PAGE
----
Recall when wealth managers and retail brokerages entered the cryptocurrency space?
The early 2021 bitcoin price peak was caught by well-known Tesla bulls at Gerber Kawasaki. When Wisdom Tree and Ritholtz Wealth Management joined forces to develop a cryptocurrency index toward the end of last year, they may have top-ticked the market as a whole. Then, in April of last year, the US wealth management behemoth Fidelity joined the bandwagon when bitcoin was still trading above $35,000 despite having lost nearly 20% of its value for the year. Since then, it has dropped below $21,000.
Because of the potential benefits of diversification, it is assumed that these institutions decided to allow people to YOLO their retirement funds into cryptocurrencies.
The Swiss Finance Institute’s most recent study, however, pops that bubble. Luciano Somoza and Antoine Didisheim, two academics from the University of Lausanne, examined data from a selection of Swissquote clients, one of the few regulated banks that also provides crypto-trading services. About 21% of the 77,364 active accounts they looked at traded cryptocurrencies.
Their research sheds light on why the S&P 500 and Bitcoin prices have the following correlation:
They contend, in essence, that the high correlation between cryptocurrency and stock prices is a result of retail investors’ co-trading of stocks and cryptocurrencies.
The researchers discovered that the trend began “suddenly” in the first few months of the pandemic in 2020, when the correlation between Bitcoin and the S&P 500 increased sharply from 0% to almost 60%.
While Alphaville can’t help but notice that the increase in retail trading happened at a time when gamblers’ usual arenas were constrained, with casinos closed and the majority of sporting events postponed, Somoza and Didisheim attribute this to retail traders’ stimulus cheques.
Whatever the justification, the survey’s participants in cryptocurrency trading do seem to be the risk-taking kind:
Looking at the stocks that holders of cryptocurrencies prefer, we note a strong preference for speculative and growth stocks. Agents’ overall portfolio becomes riskier when they open a cryptocurrency wallet, with higher annualized returns at the expense of volatility aggregating into a noticeably lower Sharpe Ratio (-10.23 per cent, annualised).
The researchers also discovered that stocks that cryptocurrency traders favor frequently have high correlations with the prices of cryptocurrencies. Therefore, these investors either buy cryptocurrency and speculative stocks simultaneously or simultaneously sell both.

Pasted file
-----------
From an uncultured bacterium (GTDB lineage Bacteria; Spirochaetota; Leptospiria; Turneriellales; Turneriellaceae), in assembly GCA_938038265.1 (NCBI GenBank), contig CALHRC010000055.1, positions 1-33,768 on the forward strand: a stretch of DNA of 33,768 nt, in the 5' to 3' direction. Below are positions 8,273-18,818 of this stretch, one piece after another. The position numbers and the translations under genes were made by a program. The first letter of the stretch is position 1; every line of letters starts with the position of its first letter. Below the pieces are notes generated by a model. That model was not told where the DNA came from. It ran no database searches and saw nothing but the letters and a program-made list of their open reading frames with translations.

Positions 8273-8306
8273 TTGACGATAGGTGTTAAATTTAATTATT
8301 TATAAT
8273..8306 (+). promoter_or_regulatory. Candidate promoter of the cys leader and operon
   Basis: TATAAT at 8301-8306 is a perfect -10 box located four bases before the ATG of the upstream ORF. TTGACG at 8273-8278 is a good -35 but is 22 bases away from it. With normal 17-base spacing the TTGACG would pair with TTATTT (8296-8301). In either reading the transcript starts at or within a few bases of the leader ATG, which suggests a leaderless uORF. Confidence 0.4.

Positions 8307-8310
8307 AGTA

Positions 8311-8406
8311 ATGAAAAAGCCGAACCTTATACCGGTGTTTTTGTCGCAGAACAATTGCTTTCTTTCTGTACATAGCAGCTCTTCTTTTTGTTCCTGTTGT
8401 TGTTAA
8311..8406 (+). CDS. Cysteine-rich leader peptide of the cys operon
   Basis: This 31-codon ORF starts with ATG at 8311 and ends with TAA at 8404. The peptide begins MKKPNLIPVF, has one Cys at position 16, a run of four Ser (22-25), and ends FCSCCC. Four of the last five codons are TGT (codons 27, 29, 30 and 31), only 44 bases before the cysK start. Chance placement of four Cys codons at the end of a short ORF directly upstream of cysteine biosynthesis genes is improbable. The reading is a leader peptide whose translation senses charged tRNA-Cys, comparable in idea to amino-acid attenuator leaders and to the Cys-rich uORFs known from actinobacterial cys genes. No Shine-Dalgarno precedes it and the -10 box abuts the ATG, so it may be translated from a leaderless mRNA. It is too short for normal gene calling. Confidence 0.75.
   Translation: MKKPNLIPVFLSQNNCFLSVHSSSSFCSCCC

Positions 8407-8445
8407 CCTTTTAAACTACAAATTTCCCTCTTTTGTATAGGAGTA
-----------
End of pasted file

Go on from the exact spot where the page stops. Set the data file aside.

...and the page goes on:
These traders began checking their brokerage accounts much more frequently once they opened cryptocurrency wallets.
It’s also amusing to note that after opening a crypto wallet, these investors traded stocks less frequently, which resulted in an improvement in the performance of their non-crypto portfolios.
Of course, that result makes sense if we assume that 1) frequent trading is bad for an individual investor’s performance and 2) people who enjoy taking on a small amount of financial risk are more likely to open a cryptocurrency account. Investors won’t need to YOLO into selling puts on Gamestop if they can get their volatility fix from cryptocurrency.
On average, cryptocurrency traders trade more stocks than stock traders do after they open a cryptowallet. The dependent variable is scaled by stock holdings, so neither the relative lower weight of stocks in the portfolio nor the amount invested can account for this effect. One interpretation is that after trading cryptocurrencies, investors pay less attention to stocks and do so less frequently. A portion of the higher Sharpe ratios [in their stock portfolios] may be explained by this outcome. Additionally, we discover a correlation between the trading of stocks and cryptocurrencies. In other words, investors trade fewer stocks after they open a wallet and they trade stocks along with cryptocurrencies.
These small-time traders enjoy taking chances. But isn’t it possible that they simply have more money to lose at the casino?
According to the authors’ analysis, “the data suggests that crypto-oriented retail investors are, on average, poorer, younger, more male, more active, and keener on taking risks.”
They continued to be impoverished while having fun.